Hi, I’m Christian and I’m an addict.
I don’t even know when it first began. It’s been so long, I’ve kind of just accepted it. I mean, everyone else is doing it too!
You see, every morning I wake up and I look at my phone. I ingest my daily dose of Facebook, Instagram, texts from friends, whatever. I open my laptop and check my emails. Maybe I respond, maybe I tell myself I’ll just send them later. Next I exercise or hop in the shower, all the while listening to my favorite podcast. There’s just so much interesting information out there, ya know?
So anyway, podcast on the way to work or the grocery or whatever. Then it’s time to get to work. I’ve got a big article to write! I need some help. Wow this article about “How to Write the Best Article in 11 Easy Steps” sounds like it will do the trick! I mean it’s only 11 easy steps! Next I’ll click on a few blog posts to get the juices rolling and then maybe move over to YouTube to watch one of my favorite freelancers explain her favorite writing process.
Anyway, a couple of hours pass and I haven’t actually written anything, so now I’m bummed and I need a pick me up. A couple of episodes of Parks and Rec should do the trick. Don’t judge me! I’ve got my computer out in front of me in case an idea strikes!
OK 10 episodes later, it’s time for dinner. I search google for about an hour, trying to sift through all the best ways to prepare mac and cheese. I mean, what if I choose the wrong recipe, I better look through every ingredient list. What’s a keto mac and cheese? Oh wow, the ketogenic diet sounds awesome. Might as well take a look at this blog totally dedicated to living the Keto life.
Alright, well the day’s pretty much spent. I guess I’ll hit the sack and dive into those business books I’ve been meaning to devour. I once heard that if you read something right before bed, it helps your brain to better understand and remember it! Wonder where I read that? I’ll just look that up real quick…
It’s Time for an Intervention
I’m addicted to information. I don’t know how many of you suffer from the same addiction, but I would guess that it’s pretty much everybody. It’s not an addiction to drugs, alcohol, or technology…it’s an addiction to information.
We live in a day and age where information is king. The internet has ushered in an era of unparalleled access to information, education, and entertainment. Never before has there been a database that contains (and grows) as much as the world wide web. It’s truly an amazing thing, full of potential for the whole human race. But then there’s also the more common reality of too much information. Why, on the first page of a Google search for wart treatment, I can find a litany of interesting info. The cause, the leading research-based treatment, disgusting photos that I can’t stop looking at, and about 30 home remedies, each promising better results than the last! I came here just to order some wart-freezing chemical treatment, but by golly, I better clear my schedule!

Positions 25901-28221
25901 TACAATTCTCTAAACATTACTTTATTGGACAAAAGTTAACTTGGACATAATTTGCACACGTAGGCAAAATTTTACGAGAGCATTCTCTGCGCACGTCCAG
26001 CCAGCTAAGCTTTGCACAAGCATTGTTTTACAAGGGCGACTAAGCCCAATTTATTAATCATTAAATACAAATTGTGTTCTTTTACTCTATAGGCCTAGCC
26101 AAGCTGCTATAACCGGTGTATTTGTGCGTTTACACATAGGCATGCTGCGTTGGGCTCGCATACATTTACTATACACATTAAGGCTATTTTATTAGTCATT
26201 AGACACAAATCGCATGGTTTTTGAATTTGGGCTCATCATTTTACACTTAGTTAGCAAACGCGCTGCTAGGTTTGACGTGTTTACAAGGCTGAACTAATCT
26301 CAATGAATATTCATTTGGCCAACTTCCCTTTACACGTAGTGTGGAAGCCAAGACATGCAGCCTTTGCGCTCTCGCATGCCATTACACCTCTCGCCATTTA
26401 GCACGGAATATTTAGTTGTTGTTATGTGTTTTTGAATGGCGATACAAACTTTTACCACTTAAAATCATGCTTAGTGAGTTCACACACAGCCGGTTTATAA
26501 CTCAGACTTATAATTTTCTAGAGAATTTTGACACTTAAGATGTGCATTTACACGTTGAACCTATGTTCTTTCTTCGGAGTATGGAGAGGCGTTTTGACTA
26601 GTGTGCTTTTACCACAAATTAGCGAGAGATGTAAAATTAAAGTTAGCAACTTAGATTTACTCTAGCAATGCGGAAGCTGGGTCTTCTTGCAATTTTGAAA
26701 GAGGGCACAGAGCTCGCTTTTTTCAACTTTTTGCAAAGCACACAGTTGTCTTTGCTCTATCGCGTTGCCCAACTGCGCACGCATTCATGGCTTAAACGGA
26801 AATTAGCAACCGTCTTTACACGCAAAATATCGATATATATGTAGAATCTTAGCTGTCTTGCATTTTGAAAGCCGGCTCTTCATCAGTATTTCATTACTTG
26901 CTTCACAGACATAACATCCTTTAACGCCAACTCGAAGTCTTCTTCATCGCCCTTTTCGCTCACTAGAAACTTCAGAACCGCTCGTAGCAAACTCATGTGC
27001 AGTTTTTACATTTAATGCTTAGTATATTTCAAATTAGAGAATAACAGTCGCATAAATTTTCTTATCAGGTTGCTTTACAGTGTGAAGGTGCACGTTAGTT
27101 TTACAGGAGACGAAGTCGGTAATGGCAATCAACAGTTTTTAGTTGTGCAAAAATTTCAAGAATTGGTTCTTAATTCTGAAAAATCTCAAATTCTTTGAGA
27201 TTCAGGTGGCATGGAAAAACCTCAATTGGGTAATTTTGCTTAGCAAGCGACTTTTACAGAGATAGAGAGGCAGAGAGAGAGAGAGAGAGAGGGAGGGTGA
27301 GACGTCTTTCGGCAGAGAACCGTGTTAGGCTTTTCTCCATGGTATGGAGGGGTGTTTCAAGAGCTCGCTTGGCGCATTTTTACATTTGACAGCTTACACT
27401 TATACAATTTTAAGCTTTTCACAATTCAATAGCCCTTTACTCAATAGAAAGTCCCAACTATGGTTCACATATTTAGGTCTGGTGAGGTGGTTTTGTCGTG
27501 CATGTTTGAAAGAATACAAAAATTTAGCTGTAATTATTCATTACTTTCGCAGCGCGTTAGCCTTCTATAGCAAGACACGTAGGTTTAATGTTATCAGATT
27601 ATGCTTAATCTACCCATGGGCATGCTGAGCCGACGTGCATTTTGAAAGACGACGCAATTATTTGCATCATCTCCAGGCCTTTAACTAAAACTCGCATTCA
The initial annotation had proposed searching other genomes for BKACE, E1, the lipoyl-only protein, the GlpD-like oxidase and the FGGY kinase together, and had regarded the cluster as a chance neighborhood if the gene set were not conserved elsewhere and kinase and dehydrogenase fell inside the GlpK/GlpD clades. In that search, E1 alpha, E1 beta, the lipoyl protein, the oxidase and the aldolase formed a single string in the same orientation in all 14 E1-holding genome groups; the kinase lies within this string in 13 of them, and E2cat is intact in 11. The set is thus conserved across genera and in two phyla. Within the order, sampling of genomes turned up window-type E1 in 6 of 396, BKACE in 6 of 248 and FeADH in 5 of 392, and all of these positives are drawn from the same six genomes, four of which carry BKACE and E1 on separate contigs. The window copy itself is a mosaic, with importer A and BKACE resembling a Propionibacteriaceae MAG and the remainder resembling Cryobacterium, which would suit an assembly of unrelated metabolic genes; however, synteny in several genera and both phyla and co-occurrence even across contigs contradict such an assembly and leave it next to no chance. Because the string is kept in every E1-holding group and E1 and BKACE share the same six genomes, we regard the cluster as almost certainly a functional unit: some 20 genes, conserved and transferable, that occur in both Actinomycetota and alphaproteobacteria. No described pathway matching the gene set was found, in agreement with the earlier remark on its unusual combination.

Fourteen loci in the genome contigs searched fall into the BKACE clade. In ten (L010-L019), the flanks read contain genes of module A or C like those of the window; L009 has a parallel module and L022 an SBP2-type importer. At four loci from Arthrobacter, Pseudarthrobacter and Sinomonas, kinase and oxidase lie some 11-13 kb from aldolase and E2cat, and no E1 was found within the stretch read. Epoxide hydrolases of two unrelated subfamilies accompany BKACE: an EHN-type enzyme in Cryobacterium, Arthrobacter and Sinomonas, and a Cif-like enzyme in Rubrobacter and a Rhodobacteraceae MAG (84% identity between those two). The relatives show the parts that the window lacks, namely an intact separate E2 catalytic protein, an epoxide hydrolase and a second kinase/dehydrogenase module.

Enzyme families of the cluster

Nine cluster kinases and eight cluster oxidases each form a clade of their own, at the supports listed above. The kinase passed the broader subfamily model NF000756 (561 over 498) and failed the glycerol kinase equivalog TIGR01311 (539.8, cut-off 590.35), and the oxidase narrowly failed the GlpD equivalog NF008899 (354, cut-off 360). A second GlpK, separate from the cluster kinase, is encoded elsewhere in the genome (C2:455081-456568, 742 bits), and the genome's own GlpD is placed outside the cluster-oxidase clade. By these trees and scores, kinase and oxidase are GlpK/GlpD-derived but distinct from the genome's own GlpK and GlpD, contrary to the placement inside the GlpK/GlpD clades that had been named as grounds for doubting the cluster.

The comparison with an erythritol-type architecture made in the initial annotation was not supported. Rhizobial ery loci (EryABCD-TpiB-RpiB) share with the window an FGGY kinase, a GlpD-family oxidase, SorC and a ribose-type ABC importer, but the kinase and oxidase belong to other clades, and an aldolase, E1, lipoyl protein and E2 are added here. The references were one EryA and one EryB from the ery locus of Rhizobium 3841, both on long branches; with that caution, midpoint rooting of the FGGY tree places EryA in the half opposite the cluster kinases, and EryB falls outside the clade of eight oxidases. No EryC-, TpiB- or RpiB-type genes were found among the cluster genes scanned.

We’re addicts. People that create content online (including myself!) are trying to design titles, photos, and videos that trigger that impulse to click. That’s how you sell stuff! Ever go to YouTube and find yourself clicking on every single recommended video in the sidebar? How many ads do you think you clicked through once you come to, wondering where the afternoon as gone.
If I’m truly seeking the life of adventure and wonder that Tom Sawyer represents, I should probably stop. Each word does not somehow make me more amazing. What makes life amazing is spending time with friends, going outside, making things, experimenting with life, and having fun. It’s time for a change.
As we continue to navigate through this world of increased access to technology and information, I truly believe that two things will become paramount and eventually, highly sought after skills. First, the ability to focus, whether on the present moment or on one’s own self-discipline. The second, is the ability to take action. Lucky for us, these two skills were the key to overcoming my own addiction.
Stop consuming. Start doing.
The idea is this: If you are constantly consuming, you can’t produce anything. You have no time for it. You’ll have no fresh ideas since your head will be filled with someone else’s. You’ll have no energy for your own glorious work because each quote that you find energizing, motivates you to seek more information that gives you the same feeling.
This is why self-help is often flawed. People read books, listen to gurus, and attend seminars. Then they wonder why no change has occurred. Change doesn’t come through reading or through consuming. Change comes through action. Put the book down and get to work.
An Information Fast